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PM convinced Ja can manufacture vaccines, but…


Prime Minister Andrew Holness says he is committed to giving more focus to research and development as he’s convinced that Jamaicans have the capacity to manufacture pharmaceutical drugs, such as vaccines, in much the same way as other countries in this region and further afield.

“Jamaica has the human capacity to do it. The question is one of economics do we have the scale to do it,” Holness argued in an interview with the Jamaica Observer on April 8 at Jamaica House.

“Then there is the issue of, have we the history and social capital and entrepreneurial capital invested in doing these kinds of developments… we have made drugs in Jamaica before, but it has not been elevated to the level where it has become an economic enterprise,” he noted.

Holness was responding to the Observer‘s query about his Government’s investment in science and the potential economic spin-offs to Jamaica from research and development that are being enjoyed by other countries.

The Observer had pointed specifically to India, regarded as the largest vaccine-producing nation in the world, and the fact that the Serum Institute of India is producing COVID-19 vaccines which are now in heavy demand because of the novel coronavirus pandemic.

Serum is the world’s largest vaccine-producing company, as it manufactures jabs for diphtheria, measles, hepatitis, tetanus, and many other diseases. The company specialises in generic versions and exports to 170 countries.

Health experts estimate that two-thirds of the world’s children are inoculated with vaccines manufactured by Serum.

Additionally, Bharat Biotech, Panacea Biotech, Sanofi’s Shanta Biotech, Biological E, Hester Biosciences and Zydus Cadila, are all located in India and reportedly have an installed capacity to manufacture 8.2 billion doses of different vaccines annually.

In this region, wire service reports earlier this year said that Mexico and Argentina have an agreement with AstraZeneca to produce its COVID-19 vaccine for eventual distribution of 250 million doses in Latin America, with financial support from Mexican billionaire Carlos Slim’s foundation.

Reuters news agency also reported that Mexico was in talks to host part of a phase III clinical trial for a Cuban COVID-19 vaccine, pending authorisation from health regulator Cofepris.

Admitting that, like the Observer, he is a bit narked that Jamaica is not benefiting from this source of foreign exchange, Holness noted the economic investment necessary for that scale of manufacturing, but argued that it can be done.

“For Jamaica, I believe we need to have some residual capacities in this regard and we need to be able to build partnerships. So it might not be Jamaica alone but we could have one element of the intellectual property and someone else has another element and we partner where we have mutual interest. So there are ways to do it,” he said.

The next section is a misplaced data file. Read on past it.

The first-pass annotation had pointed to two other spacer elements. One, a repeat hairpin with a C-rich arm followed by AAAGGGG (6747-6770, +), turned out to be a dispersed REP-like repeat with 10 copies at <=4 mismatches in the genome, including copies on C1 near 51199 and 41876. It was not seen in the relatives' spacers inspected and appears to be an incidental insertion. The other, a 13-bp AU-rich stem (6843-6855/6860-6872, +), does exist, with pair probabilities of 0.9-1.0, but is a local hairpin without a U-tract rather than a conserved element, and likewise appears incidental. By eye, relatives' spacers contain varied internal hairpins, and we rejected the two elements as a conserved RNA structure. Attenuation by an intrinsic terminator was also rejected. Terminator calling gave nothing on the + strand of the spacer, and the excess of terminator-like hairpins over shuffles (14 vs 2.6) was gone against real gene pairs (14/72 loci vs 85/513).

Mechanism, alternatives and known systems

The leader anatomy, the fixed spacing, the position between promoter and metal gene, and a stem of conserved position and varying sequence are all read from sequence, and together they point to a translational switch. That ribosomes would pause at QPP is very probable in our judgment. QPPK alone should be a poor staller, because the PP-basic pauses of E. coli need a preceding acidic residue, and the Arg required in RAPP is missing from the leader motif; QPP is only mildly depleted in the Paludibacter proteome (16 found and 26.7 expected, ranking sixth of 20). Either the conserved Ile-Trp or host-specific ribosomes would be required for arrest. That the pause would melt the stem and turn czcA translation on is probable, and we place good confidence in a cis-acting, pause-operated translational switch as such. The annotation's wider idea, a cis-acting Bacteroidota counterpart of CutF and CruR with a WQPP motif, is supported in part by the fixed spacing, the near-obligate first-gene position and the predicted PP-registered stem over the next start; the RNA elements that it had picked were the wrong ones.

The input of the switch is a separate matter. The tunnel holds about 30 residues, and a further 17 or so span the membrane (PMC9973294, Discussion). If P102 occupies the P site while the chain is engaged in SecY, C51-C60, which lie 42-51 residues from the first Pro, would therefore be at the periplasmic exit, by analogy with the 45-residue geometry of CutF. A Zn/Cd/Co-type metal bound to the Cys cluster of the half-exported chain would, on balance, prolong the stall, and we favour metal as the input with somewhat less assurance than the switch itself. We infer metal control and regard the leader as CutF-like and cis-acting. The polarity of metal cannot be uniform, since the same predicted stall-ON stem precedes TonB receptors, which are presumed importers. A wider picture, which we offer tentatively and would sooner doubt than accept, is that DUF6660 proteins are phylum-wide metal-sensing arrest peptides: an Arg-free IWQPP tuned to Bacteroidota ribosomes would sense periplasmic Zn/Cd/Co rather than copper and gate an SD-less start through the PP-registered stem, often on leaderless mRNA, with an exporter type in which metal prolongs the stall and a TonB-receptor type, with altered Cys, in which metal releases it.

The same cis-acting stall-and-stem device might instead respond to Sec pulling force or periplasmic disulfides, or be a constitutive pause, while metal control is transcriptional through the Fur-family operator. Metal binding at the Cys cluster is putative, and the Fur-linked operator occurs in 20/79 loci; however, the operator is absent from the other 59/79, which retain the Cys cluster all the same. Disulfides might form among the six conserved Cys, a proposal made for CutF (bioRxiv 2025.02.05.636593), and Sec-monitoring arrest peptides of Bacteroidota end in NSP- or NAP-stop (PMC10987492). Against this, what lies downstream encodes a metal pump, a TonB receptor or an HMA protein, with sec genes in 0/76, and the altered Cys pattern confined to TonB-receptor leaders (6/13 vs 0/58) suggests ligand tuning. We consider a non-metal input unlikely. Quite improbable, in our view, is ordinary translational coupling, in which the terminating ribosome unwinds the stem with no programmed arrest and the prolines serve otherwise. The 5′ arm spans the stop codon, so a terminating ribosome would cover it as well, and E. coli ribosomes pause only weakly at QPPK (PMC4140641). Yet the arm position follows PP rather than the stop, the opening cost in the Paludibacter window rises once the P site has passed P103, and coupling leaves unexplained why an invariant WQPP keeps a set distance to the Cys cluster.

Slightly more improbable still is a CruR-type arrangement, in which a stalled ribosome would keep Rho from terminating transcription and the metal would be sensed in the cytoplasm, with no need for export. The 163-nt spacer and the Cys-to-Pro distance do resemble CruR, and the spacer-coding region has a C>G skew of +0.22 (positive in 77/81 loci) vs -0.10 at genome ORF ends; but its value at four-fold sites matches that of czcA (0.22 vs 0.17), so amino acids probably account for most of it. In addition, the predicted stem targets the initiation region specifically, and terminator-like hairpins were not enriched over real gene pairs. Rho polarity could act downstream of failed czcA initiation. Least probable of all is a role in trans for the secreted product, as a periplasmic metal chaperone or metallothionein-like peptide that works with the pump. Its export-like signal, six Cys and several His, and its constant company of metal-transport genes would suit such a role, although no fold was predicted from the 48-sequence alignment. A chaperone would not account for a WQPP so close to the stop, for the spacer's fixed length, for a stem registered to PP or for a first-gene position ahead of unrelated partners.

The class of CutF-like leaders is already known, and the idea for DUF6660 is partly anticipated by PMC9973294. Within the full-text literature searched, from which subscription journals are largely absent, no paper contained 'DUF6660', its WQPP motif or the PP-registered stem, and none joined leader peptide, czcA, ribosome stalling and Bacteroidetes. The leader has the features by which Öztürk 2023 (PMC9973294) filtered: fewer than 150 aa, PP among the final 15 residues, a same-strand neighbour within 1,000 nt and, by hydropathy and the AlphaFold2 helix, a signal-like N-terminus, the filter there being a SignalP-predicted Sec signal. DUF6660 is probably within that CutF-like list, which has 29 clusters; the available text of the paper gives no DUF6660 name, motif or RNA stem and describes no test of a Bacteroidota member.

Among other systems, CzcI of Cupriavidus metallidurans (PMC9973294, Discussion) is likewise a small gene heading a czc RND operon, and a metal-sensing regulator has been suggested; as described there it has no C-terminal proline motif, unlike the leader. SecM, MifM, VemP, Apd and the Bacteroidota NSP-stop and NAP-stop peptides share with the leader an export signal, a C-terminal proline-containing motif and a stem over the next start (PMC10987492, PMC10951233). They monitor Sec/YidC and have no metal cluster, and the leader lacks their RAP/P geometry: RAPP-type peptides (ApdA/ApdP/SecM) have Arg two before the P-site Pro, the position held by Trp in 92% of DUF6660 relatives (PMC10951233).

“So yes, I would work towards the day when Jamaica can be one of the countries in the world that stand up and say ‘Yes, we have a vaccine as well.’ That is something we must aspire to and we should never be afraid of aspiring to that, even if there are persons in our society who are self-doubting, myopic and just lack consciousness,” Holness said.

He added, though, that if his Government were to give top priority to that type of investment at this time he was sure the Administration would be criticised. “You’d hear ‘Why is Jamaica going to look about that when people ah starve?’” he said.

“I have to deal with that every day, because we have an intellectual class that has misled this country for decades to get our people seeing themselves as lesser than they are, as if we could not achieve the highest standards…We can, but it’s as if we don’t believe in ourselves,” the prime minister said.

He pointed to the inadequacy of the current Parliament building to emphasise his point about the country operating and providing services at a higher level.

“Our public administration, our laws, our policymaking are being done in a building that was built for a municipal corporation that, as the country grows, cannot provide the services that the very people who criticise a new Parliament [building] are asking for.

“It cannot provide the level of parliamentary oversight that is required because we only have the main hall and one or two rooms where we have close to 19 committees that should be meeting, but the same people criticise and say Parliament is not working,” Holness argued.

“In other words, when we look at ourselves as Jamaicans and our country, what is it that will elevate the society and lift everyone? Is it the common knowledge and the common approach, or does it take a higher level of foresight as to how we deploy, how we allocate our resources?” he questioned.

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